Century Marks

Century Marks

Immigrant entrepreneur

Here is a headline you may not have seen: "Steve Jobs Dies: He Was the Most Famous Arab in the World." The father of the innovative head of Apple was from Syria. Jobs's parents, who weren't married, gave him up for adoption. Despite the political unrest plaguing Syria, many Syrians celebrated Jobs's accomplishments when he died. One Syrian admitted: "I think that if he had lived in Syria, he would not have been able to achieve any of this, or else he would have chosen to leave Syria" (The Lede, New York Times, October 6).

German spirits

New guidelines issued by the Evangelical (Lutheran) Church in Germany, that country's largest Protestant body, advise parishioners not to invest in companies that make hard liquor, though beer and wine producers are fine. The guidelines are meant to help investors invest their money wisely but morally in the wake of the financial crisis that has roiled world markets since 2007. The guidelines also discourage investing in companies that manufacture guns or pornography or in countries that are considered dictatorships or present a risk to the environment (RNS).

Big history

Students at Dominican University of California are required to take a sequence of four courses in Big History, a multidisciplinary approach that begins with the origins of the universe and looks ahead to the future of the planet. Half of the course covers eras prior to human history. There is a movement to teach Big History on other campuses, and the Bill and Melinda Gates Foundation has funded a project to teach it at the high school level. An Inter­national Big History Association was formed last year, and a conference and journal are to follow (Inside Higher Ed, October 7).

What the doctor ordered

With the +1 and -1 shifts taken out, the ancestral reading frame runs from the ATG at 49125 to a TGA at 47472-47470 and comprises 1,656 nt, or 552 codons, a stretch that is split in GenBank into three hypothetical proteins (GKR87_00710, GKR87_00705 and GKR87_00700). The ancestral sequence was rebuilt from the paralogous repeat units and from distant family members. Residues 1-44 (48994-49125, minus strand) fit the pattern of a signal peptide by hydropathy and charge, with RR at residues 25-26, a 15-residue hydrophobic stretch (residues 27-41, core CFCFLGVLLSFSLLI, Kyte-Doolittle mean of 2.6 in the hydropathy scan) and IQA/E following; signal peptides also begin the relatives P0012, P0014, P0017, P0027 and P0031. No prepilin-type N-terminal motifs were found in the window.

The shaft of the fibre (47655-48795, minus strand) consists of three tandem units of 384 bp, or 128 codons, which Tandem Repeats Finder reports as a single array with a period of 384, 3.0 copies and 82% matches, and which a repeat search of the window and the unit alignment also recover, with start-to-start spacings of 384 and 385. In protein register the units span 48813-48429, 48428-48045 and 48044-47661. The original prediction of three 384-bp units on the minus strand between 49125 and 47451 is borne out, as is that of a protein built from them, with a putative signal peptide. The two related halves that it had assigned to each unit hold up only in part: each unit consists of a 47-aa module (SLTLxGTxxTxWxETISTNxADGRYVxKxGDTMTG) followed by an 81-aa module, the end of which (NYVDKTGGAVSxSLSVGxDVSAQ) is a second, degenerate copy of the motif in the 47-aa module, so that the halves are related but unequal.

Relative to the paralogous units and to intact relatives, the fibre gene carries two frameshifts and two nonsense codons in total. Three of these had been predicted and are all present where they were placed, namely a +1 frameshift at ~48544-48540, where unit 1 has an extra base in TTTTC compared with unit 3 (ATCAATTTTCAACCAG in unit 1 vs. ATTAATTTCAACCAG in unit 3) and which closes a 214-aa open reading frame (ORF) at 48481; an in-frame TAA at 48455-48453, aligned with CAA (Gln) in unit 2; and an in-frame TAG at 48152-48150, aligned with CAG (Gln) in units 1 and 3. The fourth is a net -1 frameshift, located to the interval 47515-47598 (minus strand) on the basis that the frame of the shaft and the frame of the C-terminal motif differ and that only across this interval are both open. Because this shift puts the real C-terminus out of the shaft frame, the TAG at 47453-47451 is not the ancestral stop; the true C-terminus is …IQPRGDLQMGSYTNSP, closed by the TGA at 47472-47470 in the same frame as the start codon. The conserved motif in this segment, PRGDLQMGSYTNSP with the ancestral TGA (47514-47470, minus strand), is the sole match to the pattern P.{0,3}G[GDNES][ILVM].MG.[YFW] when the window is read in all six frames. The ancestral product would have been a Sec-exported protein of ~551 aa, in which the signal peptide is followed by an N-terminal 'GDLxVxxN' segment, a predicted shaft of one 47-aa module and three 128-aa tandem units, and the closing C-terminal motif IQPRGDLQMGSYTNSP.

The Memphis-based Methodist Le Bonheur hospital system is working with 400 churches to ensure that its patients have a support system while in the hospital and when they are discharged. Hospital staff called "navigators" work with liaisons in each congregation that is part of the Congregational Health Network to arrange for visits, transportation and follow-up care. The mortality rate for those in the program from 2007 to 2009 was 50 percent lower than for those not in it, and readmission rates were 20 percent lower. The hospital system says 70 percent of its patients belong to churches (Washington Post, October 3).

Church cover blown

As commodity prices soar, thieves are targeting British churches and other institutions, taking copper lightning rods, lead rain pipes, bronze statues, iron gates, even church bells and entire roofs. "Boom conditions in China, India and Brazil have created an incredible demand for lead and copper," said a representative of a private company that insures about 90 percent of churches in England and Wales. "Church roofs are often the target, threatening some churches with bankruptcy," she said. The price of copper came close to US$10,000 a ton earlier this year, having fallen as low as $2,825 a ton in December 2008 due to the financial crisis affecting demand (ENI).